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For: iPad   Also on: Android, iPhone

Adventures in sci-fi

Product: Shardlands | Developer: Breach Entertainment | Publisher: Breach Entertainment | Format: iPad | Genre: Puzzle | Players: 1 | Version: Europe
Shardlands iPad, thumbnail 1
An adolescent fixation with violence is one of the biggest sticks with which the general press likes to beat the video game industry.

We can't really argue with that. How many new games in a month do you play in which shooting, slashing, or pummelling foes into submission isn't a pretty major component?

Games like Shardlands, which show that a lush adventure game can be engrossing without relying on violence, put up a rather lonely resistance to such an argument.

New Dawn

First admission: Shardlands isn't actually an adventure game in the strictest sense. While you do play the part of an explorer named Dawn, who finds herself lost in a network of alien caves, the game is really an elaborate puzzler.

To navigate around the alien world, you simply touch where you want Dawn to go. Pathfinding isn't an issue here, as it is in many touch-driven third-person games, for the pathways you find yourself negotiating are usually narrow corridors with no scope for deviation either side.

The goal in each level is to collect enough knick-knacks to unlock the door to a precious object which, when you exit to the hub world, helps you gain access to yet more puzzle-filled worlds.

Another important gameplay mechanic is the ability to manipulate floating platforms with your finger. These puzzle pieces often need to be manipulated in intricate ways, like in one of those pure sliding block puzzlers.

Passive aggressive

Second admission: Shardlands isn't entirely devoid of violence. In between puzzles, you see, you'll find alien guards patrolling certain sections. You can sneak past them if you really want to go down the whole pacifist route, but it's far safer to lure them into a trap.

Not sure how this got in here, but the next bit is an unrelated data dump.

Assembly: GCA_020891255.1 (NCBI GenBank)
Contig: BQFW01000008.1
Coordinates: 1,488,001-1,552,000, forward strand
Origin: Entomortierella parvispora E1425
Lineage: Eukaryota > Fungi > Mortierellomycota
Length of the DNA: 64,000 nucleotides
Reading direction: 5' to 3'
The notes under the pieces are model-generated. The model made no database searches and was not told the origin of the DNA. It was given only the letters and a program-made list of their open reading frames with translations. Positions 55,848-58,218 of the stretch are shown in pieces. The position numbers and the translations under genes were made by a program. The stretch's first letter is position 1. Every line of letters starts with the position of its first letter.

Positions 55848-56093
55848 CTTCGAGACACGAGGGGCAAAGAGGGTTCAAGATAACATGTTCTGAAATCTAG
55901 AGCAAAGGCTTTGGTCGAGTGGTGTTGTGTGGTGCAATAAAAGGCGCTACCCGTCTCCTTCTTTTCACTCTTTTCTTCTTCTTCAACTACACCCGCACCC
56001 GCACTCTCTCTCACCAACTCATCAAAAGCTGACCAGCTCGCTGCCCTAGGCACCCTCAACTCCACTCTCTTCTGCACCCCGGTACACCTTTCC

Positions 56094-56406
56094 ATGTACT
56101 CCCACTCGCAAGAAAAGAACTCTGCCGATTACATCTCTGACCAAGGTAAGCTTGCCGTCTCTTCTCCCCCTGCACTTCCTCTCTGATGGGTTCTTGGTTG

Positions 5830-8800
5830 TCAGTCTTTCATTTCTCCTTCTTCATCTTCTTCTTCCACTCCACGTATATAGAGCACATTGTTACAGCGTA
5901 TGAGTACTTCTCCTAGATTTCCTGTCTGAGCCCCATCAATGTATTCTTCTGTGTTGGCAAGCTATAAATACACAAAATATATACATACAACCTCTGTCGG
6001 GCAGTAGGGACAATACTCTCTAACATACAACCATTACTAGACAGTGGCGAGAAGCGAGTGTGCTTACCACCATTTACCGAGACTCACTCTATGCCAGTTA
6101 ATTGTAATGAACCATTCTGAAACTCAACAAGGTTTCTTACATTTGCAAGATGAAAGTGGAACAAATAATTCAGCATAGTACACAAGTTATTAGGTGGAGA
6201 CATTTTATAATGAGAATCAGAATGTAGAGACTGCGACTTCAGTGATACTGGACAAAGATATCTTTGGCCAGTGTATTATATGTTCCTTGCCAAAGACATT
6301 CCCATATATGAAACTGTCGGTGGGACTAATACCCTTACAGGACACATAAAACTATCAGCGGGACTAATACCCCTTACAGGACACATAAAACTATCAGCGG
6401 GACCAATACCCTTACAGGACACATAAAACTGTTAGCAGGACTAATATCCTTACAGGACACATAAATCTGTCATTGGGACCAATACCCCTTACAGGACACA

Along the way, you'll pass beacons that not only act as temporary save points, but also cast a protective field that fries any dumb alien that touches it. You'll soon grow accustomed to thumbing your nose at the bad guys, and then legging it to the safety of a save beacon.

It's not just the save beacons that do damage. Destructive level elements like lasers (which form some nifty deflection-based puzzles) and flaming platforms can also prove hazardous to alien flesh.

It's violence, then, but more of the sneaky, indirect kind.

Get your rocks off

Shardlands's restrained approach really is central to its appeal. It's lovely to look at, with delightfully subtle lighting effects and some finely detailed rock textures.

Yes, rock textures. We're praising how the rocks look. But, that's just the kind of meticulous, understated game Shardlands is. If you're after something to smack you in the chops and set your pulse racing, well, you might want to move on.

Shardlands's sci-fi backdrops are complemented perfectly by a spacey ambient soundtrack that calms and focuses in equal measure. You won't be humming it any time soon, but it's just right for the kind of game Shardlands is.

Beautifully atmospheric, gently taxing, and thoroughly absorbing: Shardlands is the kind of mature gaming experience you'll whip out to validate your pastime to non-gaming friends.

Just don't show them the bits where you lure rampaging purple aliens to their sticky death, okay?

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Reviewer photo
Jon Mundy | 31 October 2012
A beautiful adventure-puzzler that doesn't need combat or flashy gimmicks to enhance its slow-burn appeal
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